A few years ago, I interned at my university’s art museum. As I went up to the offices, the elevator doors always opened up to a Robert Motherwell print. My first impression was wondering why they would hang a print when they had incredible paintings in storage. Over time, however, I grew to love the work – the constant exposure led me to discover different parts that I appreciated and the black and white piece became a friendly face that said hello every morning. The works in my collection that I find myself most attached to are also those that I come across most often. Right now, I have a Jonas Wood print hanging between two windows in my bedroom. It’s a bit of a tight squeeze, but I actually love it more and more because it is literally the first thing I see in the morning when I look towards the window, eyes squinting with the sun blazing in. It’s another topic for discussion, but I would say that there’s a lot of value in rehanging artwork in your home for that reason – to be able to develop connections with your collection in new ways.
I gain a surprising amount of insight into new artists via Instagram. Whether a collector I follow posts an artwork they recently bought or something is newly on view at one of my favourite galleries, there’s a constant flow of information. I’ve also developed most of my relationships with artists through Instagram – the simple DM can work magic in getting to know an artist across the country or even across the world. Nothing replaces seeing art in person, though, so I still try to make it to all the major art fairs in America, all the latest shows in New York, and as many studios I can visit. All of these ways of engaging with art are part of the journey that makes art collecting so fun – each new piece is a unique story of how it was acquired.
Trust your gut. The most I ever spent on a work also happens to be the piece I enjoy the least. My eagerness to develop a relationship with a gallerist at the time overpowered any collecting wisdom and even my own taste when I had hesitations from the start. I’m embarrassed to say it, but I even asked to immediately return the piece when I received it! My request was declined and the piece still hangs in my room as a constant reminder of needing to follow your heart when buying art. You have to go in with a strong feeling that you will be happy living with the work 10 years from now.
A friend recently reinforced this idea. While he is absolutely not a fan of Jennifer Guidi’s paintings and believes they are overpriced, he also knows I’m dying to have one from the numerous ways I drool over her work and won’t stop talking about it. Especially this one piece in her studio… but that’s a story for another day. To my surprise, he said to me, “If you have such a strong connection to her work and know that you love it and will continue to love it, you should buy it.” His advice seems pretty simple, but loving an artwork should also be simple – not complicated by thinking about its market potential or whether your friends will think you’re crazy for spending money on a notecard-sized painting. Trust your gut.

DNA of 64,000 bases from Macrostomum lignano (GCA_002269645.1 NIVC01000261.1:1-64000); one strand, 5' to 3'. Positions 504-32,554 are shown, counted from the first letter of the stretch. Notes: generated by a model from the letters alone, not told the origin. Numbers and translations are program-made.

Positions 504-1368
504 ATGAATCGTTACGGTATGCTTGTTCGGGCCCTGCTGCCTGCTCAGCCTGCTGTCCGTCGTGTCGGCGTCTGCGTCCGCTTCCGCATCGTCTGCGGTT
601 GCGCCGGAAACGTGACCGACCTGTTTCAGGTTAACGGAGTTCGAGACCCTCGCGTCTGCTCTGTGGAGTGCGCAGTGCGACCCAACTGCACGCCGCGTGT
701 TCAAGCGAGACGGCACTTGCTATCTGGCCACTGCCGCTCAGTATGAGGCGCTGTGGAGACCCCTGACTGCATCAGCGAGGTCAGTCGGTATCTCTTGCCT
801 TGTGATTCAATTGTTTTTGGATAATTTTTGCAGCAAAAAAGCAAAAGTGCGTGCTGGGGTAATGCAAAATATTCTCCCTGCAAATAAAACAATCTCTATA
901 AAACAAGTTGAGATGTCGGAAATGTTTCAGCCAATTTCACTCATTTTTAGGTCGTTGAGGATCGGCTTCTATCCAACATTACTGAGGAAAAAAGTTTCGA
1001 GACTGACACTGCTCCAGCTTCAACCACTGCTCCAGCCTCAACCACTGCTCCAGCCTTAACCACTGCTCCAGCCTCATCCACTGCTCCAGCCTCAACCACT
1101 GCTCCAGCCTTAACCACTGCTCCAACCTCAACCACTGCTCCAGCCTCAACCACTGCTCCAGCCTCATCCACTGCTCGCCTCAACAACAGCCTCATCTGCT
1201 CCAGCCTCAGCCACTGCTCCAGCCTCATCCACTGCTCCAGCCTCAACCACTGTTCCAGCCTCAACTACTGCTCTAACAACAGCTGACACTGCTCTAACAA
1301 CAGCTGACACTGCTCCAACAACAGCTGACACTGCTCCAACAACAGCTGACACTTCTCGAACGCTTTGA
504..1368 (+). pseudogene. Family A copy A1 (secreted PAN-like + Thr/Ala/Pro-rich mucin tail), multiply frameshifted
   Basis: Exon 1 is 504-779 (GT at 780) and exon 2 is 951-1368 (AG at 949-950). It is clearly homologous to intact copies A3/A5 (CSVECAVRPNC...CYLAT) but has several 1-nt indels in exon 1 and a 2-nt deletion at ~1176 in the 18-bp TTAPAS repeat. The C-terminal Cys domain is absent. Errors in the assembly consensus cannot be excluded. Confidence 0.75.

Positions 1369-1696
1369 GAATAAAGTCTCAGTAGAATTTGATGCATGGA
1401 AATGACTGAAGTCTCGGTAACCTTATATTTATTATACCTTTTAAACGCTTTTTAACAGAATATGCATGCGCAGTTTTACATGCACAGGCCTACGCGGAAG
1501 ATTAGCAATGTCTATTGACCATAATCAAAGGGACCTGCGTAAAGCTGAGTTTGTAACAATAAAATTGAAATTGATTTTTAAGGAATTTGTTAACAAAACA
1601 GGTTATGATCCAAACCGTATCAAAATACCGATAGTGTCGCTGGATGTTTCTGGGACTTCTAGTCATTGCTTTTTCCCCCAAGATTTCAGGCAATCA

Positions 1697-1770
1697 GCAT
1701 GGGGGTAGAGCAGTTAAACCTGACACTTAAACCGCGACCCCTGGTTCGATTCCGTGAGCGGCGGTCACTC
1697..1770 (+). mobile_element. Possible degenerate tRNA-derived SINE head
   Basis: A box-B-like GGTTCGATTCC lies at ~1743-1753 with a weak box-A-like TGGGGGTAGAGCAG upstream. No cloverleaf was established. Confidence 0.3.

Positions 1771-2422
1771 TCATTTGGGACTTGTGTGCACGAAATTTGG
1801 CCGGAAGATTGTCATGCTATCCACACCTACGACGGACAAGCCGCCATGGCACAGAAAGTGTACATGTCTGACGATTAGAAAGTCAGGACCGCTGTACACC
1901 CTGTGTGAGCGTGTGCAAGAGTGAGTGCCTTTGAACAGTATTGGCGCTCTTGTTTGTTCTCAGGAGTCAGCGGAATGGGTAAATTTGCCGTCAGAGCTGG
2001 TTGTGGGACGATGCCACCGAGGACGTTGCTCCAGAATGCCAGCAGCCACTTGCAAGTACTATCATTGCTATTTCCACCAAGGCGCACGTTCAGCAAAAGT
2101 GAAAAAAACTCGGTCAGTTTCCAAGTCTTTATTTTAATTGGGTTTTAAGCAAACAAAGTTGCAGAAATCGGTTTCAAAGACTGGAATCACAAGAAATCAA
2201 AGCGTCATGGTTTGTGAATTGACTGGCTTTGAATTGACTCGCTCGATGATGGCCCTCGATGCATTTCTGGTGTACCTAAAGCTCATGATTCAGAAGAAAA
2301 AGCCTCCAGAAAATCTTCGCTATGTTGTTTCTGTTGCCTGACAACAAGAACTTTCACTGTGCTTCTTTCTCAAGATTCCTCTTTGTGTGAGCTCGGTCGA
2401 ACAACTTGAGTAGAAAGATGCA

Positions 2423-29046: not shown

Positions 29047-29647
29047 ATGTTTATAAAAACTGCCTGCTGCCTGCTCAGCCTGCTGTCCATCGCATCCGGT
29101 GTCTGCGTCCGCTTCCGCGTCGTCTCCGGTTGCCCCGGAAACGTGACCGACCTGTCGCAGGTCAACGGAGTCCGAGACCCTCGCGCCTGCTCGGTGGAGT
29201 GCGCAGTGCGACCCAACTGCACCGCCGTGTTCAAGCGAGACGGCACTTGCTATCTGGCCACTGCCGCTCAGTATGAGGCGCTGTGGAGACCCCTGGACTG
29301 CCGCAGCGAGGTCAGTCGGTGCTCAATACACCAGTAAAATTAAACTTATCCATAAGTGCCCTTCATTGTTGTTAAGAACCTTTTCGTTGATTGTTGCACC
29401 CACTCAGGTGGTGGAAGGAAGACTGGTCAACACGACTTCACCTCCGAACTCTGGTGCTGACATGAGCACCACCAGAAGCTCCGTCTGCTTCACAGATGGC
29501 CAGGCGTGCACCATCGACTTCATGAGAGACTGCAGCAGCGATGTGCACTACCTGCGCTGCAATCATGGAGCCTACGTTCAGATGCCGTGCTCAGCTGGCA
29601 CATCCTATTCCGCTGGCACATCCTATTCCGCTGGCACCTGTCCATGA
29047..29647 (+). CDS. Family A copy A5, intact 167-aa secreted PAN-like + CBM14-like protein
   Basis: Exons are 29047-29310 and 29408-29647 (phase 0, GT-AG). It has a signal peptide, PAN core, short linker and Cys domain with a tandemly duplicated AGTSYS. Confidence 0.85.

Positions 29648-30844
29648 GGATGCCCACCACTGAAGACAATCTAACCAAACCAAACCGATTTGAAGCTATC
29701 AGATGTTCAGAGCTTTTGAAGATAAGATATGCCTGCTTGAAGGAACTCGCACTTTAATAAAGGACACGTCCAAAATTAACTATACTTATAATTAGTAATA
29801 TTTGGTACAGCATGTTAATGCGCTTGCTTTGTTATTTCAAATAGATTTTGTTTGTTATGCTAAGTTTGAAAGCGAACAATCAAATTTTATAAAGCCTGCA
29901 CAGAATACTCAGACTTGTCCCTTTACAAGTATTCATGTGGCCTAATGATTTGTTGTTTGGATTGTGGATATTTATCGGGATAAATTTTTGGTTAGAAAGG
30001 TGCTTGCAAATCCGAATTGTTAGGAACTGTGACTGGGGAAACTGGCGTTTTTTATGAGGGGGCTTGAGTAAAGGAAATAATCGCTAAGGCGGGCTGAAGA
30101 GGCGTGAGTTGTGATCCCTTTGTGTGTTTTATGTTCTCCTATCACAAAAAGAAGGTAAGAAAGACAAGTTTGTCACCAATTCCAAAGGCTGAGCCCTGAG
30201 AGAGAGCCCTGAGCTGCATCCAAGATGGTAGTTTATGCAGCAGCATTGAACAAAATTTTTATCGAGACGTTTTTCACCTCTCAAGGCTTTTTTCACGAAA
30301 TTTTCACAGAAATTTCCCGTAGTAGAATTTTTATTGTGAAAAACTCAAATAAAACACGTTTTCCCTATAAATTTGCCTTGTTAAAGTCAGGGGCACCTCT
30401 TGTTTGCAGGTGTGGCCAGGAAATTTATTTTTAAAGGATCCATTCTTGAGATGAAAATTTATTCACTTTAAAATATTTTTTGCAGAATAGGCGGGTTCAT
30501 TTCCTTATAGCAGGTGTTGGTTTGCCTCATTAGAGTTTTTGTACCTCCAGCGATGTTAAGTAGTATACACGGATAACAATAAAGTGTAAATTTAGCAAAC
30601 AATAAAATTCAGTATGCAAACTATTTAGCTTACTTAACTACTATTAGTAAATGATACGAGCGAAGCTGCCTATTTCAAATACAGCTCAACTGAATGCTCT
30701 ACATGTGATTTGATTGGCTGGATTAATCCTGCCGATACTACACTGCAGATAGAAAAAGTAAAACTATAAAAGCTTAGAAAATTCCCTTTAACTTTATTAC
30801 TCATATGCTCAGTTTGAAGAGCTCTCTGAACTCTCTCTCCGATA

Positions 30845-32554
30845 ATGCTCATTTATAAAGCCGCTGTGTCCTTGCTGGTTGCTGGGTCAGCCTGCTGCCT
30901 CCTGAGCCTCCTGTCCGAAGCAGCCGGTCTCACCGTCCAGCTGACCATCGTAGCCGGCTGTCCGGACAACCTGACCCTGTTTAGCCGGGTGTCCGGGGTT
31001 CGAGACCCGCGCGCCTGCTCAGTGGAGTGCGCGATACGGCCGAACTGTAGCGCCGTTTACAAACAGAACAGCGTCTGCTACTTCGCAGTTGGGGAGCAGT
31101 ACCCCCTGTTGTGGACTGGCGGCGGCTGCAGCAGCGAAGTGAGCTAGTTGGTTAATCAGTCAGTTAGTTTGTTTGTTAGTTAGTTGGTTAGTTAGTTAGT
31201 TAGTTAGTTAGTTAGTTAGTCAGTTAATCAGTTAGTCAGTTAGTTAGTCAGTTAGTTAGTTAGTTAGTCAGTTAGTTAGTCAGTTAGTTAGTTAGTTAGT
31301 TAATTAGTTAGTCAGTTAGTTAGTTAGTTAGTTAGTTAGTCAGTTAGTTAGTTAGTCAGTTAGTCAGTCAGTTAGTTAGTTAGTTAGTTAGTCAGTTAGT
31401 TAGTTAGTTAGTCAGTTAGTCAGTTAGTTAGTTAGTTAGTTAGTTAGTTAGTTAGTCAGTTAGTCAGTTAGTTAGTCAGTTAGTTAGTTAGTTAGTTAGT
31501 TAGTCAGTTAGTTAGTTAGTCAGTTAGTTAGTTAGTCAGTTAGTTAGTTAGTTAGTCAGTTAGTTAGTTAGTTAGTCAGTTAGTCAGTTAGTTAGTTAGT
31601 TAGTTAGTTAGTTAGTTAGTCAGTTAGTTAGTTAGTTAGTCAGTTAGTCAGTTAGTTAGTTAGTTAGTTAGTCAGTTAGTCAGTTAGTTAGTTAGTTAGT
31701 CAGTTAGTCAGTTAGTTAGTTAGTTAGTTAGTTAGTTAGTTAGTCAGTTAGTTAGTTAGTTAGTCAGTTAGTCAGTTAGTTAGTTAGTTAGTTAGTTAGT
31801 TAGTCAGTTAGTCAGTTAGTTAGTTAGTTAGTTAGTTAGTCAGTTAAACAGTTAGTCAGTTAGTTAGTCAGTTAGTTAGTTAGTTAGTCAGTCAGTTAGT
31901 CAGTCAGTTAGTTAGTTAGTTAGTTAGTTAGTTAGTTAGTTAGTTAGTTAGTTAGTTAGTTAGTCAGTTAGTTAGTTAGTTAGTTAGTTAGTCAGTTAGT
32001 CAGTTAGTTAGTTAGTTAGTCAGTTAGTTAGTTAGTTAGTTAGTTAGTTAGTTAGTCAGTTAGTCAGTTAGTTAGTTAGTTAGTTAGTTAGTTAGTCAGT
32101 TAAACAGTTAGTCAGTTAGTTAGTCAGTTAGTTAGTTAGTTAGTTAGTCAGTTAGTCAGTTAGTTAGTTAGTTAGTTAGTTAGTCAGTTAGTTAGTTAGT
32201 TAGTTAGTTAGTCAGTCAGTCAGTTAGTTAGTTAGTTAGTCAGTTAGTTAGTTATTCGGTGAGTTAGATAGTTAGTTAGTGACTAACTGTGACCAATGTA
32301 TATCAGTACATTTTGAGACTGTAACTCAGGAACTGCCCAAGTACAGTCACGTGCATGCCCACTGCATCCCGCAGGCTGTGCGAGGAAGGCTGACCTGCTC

I’m biased but absolutely obsessed with Jonathan Monk’s restaurant drawings. They’re either drawings or watercolours of famous artworks on the receipts that Monk collects from dining out. The best part is that the price of the work is the same price as his meal! If his Starbucks latte cost 4 euro, then he sells the drawing for 4 euro (plus the cost of shipping). He’s an incredible conceptual artist and found a unique way to play the art market. Most of the works are posted on his Instagram (@monkpictures), and if you’re the first to comment, you get to buy the piece. I’m biased because I have about 15 of these… While it might be impressive, it also suggests that I spend way too much time on Instagram to catch them. Worth it.
Paul Mpagi Sepuya. Lazaros. Toyin Ojih Odutola.
I see ArtDrunk being a recognized voice in the arts. I know it sounds crazy, but I believe social media in the art world can eventually have the level of influence on art history as does an acclaimed exhibition or a positive review by a famous critic. If a New York Times art review can reach tens of thousands of people and move the needle on an artist’s career, so too should a video on the artist viewed by a million people on YouTube. I also believe there is a gap in how art is presented to and perceived by millennials. Bluntly speaking, art is boring to younger generations. I envision ArtDrunk addressing that challenge and being the go-to source for learning about contemporary art. The same way Vogue is synonymous with fashion, I want ArtDrunk to be synonymous with art.